Get your Philly cheesesteak on - in Bahrain
December 9th, 2010
07:15 PM ET
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Nothing says Philly grub more than the cheesesteak. And now they’ll be available in the Middle East – Bahrain to be exact.

The Philly cheesesteak has been around the City of Brotherly Love for some 80 years. Tony Luke’s, the iconic Philadelphia sandwich shop on the city’s South Side, is celebrating its touching down in Riffa with a grand opening on Dec. 12.

More locations are expected to open over the next few months in Dubai and Abu Dhabi. The opening in Bahrain is the first of 60 cheesesteak shops planned for the Middle East and North Africa — all indoors, and all halal.

“Who doesn’t like meat, cheese and onions? The combination just goes together so good,” said Tony Luke III while working the grill during a recent lunch rush. “I’m happy that we get to share the cheesesteak around the world.”

Tony Luke’s is the baby on the block, with only 20 years of serving under the belt compared to the decades of Geno’s and Pat’s. Still, the new kids aren’t anything to sneeze at considering the Tony Luke’s family recipe has caught the attention of critics from Gourmet magazine to the New York Times.

“The cheesesteak is as part of Philadelphia as the Liberty Bell,” said Tony Luke, Jr., co-owner, adding that he was approached about the venture after patrons from the Middle East ate at his shop. “I wanted the world to see what it was like to have a cheesesteak, and little by little I’m starting to get there.”

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Filed under: Bite • Cheesesteak • Cuisines • Middle Eastern • Philadelphia • Regional Sandwiches • Sandwiches


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soundoff (6 Responses)
  1. The_Mick

    There are small restaurants in various cities around the Middle East serving "shawarma", where a large piece of beef or lamb is sitting and roasting on a large spindle, which is spun and thinly sliced and placed on bread for you with veggies and condiments. I've had it in Bethlehem, Cairo, and Kusadasi, Turkey. It's just a sauce and cheese or so away from Philly Cheesesteak.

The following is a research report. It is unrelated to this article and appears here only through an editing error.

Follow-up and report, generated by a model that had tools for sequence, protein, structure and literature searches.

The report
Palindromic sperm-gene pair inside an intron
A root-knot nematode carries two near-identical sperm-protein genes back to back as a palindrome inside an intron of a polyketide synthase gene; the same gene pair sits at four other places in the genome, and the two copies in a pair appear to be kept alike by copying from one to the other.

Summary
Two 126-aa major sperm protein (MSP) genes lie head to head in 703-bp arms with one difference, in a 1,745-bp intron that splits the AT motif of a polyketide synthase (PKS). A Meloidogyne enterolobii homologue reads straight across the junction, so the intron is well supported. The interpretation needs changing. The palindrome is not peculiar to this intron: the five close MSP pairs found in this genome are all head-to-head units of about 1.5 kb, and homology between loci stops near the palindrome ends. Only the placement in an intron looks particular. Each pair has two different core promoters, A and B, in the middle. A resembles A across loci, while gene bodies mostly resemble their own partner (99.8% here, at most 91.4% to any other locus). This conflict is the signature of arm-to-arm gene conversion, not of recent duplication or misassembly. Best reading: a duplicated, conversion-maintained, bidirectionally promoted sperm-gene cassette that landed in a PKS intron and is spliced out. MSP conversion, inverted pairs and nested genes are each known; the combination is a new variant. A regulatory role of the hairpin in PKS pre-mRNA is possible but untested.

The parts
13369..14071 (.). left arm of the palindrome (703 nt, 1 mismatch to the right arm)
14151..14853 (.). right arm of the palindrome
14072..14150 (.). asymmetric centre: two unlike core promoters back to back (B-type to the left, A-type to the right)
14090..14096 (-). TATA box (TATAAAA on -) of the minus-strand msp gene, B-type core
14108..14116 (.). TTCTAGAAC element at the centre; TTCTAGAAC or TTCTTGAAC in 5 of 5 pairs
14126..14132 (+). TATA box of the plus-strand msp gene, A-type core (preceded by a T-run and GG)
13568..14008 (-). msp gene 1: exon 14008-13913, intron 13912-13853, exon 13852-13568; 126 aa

December 10, 2010 at 10:43 am |
    • Beth

      Sorry, Mick. That is not a cheesesteak. A cheesesteak is make from extremely thinly sliced ribeye steak (not from a larger cut of meat) which is fried (as opposed to roasted), chopped up and served with American or Provolone cheese on a specific type of long, hard roll. What you wind up with has a very different taste from shawarma (which I've had and is delicious, by the way). However, if your point is that middle eastern people would go for a cheesesteak because of this other sandwich, that I can agree with. ... oh, and there's no sauce on a cheesesteak, just ketchup. Occasionally people put marinara sauce on it, but most Philadelphians agree that's just wrong.

      December 15, 2010 at 10:46 am |
      • Um

        I thought traditional cheesesteaks were made with cheese whiz.

        December 15, 2010 at 10:49 am |
  2. James

    Mybe some of those Al Queda clowns will drop in for a bite and they can get a nice Philly welcome with some brass rings or a designer whacking.

    December 10, 2010 at 10:36 am |
    • Dave

      James, as an American currently living and working in Bahrain, I'd like to say thanks for making all Americans (and there are a lot) over here look so good. I'm glad you have taken the time to realize that Bahrain is a very pro-western and pro-American country. Well done. And yes, I am looking forward to something that reminds me of home and Philly.

      December 10, 2010 at 1:27 pm |
      • Maha

        Thanks Dave , I'm a Bahrani Girl and I agree with you . I was studying in the US when I got called a terrorist and a Terrorist Supporter , I don't even look like a terrorist ; or what ever they portray a terrorist to look like , I'm just an ordinary girl who wears jeans and polos to school ( I'm not implying that girls who choose to wear a viel are by any means terrorists ) but once they knew I'm arab ; everything changed , I told them I'm from Bahrain , and when don't have terrorists in Bahrain ; but you guessed it no one knows where Bahrain is in the first place but anyways I dunno why a post about a restaraunt changed into a political debate but I have to put my two cents here :) lastly people who have visited Bahrain know what Bahrain is all about and that's all it matters and ignorance harms the beholder more than anything or anyone else .

        December 13, 2010 at 7:36 am |
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